• Better bone health – Magnesium contributes to bone density and bone crystal formation. Plus, it helps regulate vitamin D levels, which play a critical role in calcium absorption.
  • Less cramping – Magnesium binds to muscle cells to help them relax. Therefore, having low levels of magnesium can make it hard for muscle cells to relax, leading to cramping and spasms.
  • Better blood sugar control – Magnesium plays an important role in blood sugar control. Low levels of magnesium have been linked to insulin resistance, a precursor to Type 2 diabetes.
  • Better sleep – In animal studies, magnesium has been shown to regulate the production of melatonin, the hormone that regulates your sleep-wake cycle.
  • Lower risk for mood disorders – Magnesium deficiency has been linked to a greater risk for mood disorders, such as depression.

You can replenish your body’s supply of magnesium by eating magnesium-rich foods, such as beans, spinach, whole grains and certain nuts. Unfortunately, like many crucial vitamins and minerals, magnesium is a mineral that many people don’t get enough of. In fact, experts estimate that over 68 percent of Americans are magnesium-deficient.

How magnesium affects the absorption and function of vitamin D

Like most other nutrients, vitamin D can’t work without first being converted into a form that our bodies can absorb. The degree to which a nutrient can be absorbed is known as its bioavailability.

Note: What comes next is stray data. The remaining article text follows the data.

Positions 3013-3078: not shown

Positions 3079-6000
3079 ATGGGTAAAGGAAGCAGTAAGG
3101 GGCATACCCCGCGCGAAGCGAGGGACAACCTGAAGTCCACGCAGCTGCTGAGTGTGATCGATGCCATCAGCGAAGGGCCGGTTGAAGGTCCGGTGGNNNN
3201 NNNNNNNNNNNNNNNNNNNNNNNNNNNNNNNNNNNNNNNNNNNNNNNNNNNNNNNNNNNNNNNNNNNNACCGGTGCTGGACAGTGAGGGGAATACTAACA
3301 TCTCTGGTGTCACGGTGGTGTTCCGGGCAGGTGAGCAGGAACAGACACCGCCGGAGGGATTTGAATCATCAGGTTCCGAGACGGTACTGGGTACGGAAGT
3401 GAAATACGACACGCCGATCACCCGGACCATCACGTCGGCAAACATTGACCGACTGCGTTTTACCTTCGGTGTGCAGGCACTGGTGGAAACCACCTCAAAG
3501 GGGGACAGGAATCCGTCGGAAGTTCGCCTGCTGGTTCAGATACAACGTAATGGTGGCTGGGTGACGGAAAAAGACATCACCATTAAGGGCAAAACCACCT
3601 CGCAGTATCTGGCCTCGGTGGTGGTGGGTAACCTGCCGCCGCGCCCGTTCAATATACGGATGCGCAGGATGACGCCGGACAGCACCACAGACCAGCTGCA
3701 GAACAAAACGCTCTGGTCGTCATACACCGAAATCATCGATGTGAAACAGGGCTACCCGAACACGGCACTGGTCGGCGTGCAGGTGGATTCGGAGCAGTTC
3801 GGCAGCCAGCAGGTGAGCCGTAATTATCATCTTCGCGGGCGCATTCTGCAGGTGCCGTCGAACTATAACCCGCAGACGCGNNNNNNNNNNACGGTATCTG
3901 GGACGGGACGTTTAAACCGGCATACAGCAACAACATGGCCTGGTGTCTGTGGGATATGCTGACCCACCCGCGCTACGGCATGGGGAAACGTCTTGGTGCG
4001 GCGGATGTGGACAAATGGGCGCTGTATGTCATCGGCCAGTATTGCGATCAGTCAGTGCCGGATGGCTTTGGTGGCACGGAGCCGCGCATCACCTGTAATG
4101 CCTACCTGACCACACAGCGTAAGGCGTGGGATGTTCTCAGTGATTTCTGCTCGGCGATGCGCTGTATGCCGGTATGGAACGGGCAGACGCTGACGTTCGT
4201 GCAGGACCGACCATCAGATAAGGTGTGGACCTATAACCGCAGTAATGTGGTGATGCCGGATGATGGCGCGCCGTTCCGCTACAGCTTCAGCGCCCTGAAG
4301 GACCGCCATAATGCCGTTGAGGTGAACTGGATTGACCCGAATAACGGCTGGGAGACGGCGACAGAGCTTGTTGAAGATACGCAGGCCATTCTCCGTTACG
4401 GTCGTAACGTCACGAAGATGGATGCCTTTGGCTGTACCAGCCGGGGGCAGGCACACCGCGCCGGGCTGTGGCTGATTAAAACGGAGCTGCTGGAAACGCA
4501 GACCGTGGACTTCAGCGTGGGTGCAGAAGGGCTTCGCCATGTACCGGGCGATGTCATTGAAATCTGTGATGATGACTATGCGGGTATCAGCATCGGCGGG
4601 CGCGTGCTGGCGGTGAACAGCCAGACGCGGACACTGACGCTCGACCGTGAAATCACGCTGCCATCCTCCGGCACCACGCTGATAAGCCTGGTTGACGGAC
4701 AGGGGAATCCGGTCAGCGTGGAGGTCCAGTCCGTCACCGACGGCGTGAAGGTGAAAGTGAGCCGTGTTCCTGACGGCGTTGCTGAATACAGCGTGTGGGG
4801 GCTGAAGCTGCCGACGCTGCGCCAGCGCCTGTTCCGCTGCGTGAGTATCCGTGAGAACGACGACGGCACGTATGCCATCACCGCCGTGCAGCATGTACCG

Vitamin D’s bioavailability depends on magnesium. That’s because enzymes in the liver and kidneys that help convert vitamin D into its active form, calcitriol, can’t work without sufficient amounts of magnesium to draw upon.

If vitamin D isn’t converted into its active form, vitamin D can actually increase your calcium levels instead of regulating them as it should. Exceeding your daily calcium needs can stimulate your hormones into drawing calcium out of your bones where it’s needed and depositing it in your arteries. There, calcium will combine with cholesterol, forming plaque that sticks to the walls of your arteries. That plaque can cause blockages.

For these reasons, it’s important to take adequate amounts of magnesium along with vitamin D. You could take supplements or eat foods rich in magnesium as part of a well-balanced diet. The following foods are great sources of magnesium:

  • Pumpkin seeds
  • Chia seeds
  • Edamame
  • Potatoes
  • Brown rice
  • Yogurt
  • Banana
  • Oily fish
  • Avocado
  • Chicken breast

For men, experts advise taking 400-420 milligrams (mg) of magnesium daily. For women, experts advise taking 310-320 mg of magnesium daily.

Magnesium is a critical factor in making vitamin D bioavailable. Without adequate levels of magnesium in your body, vitamin D remains stored and inactive. Therefore, you should try to meet your daily magnesium needs by eating magnesium-rich foods as part of a well-balanced diet or taking dietary supplements.

Sources:

Healthline.com 1

Healthline.com 2

Healthline.com 3

NaturalHealth365.com

ScienceDaily.com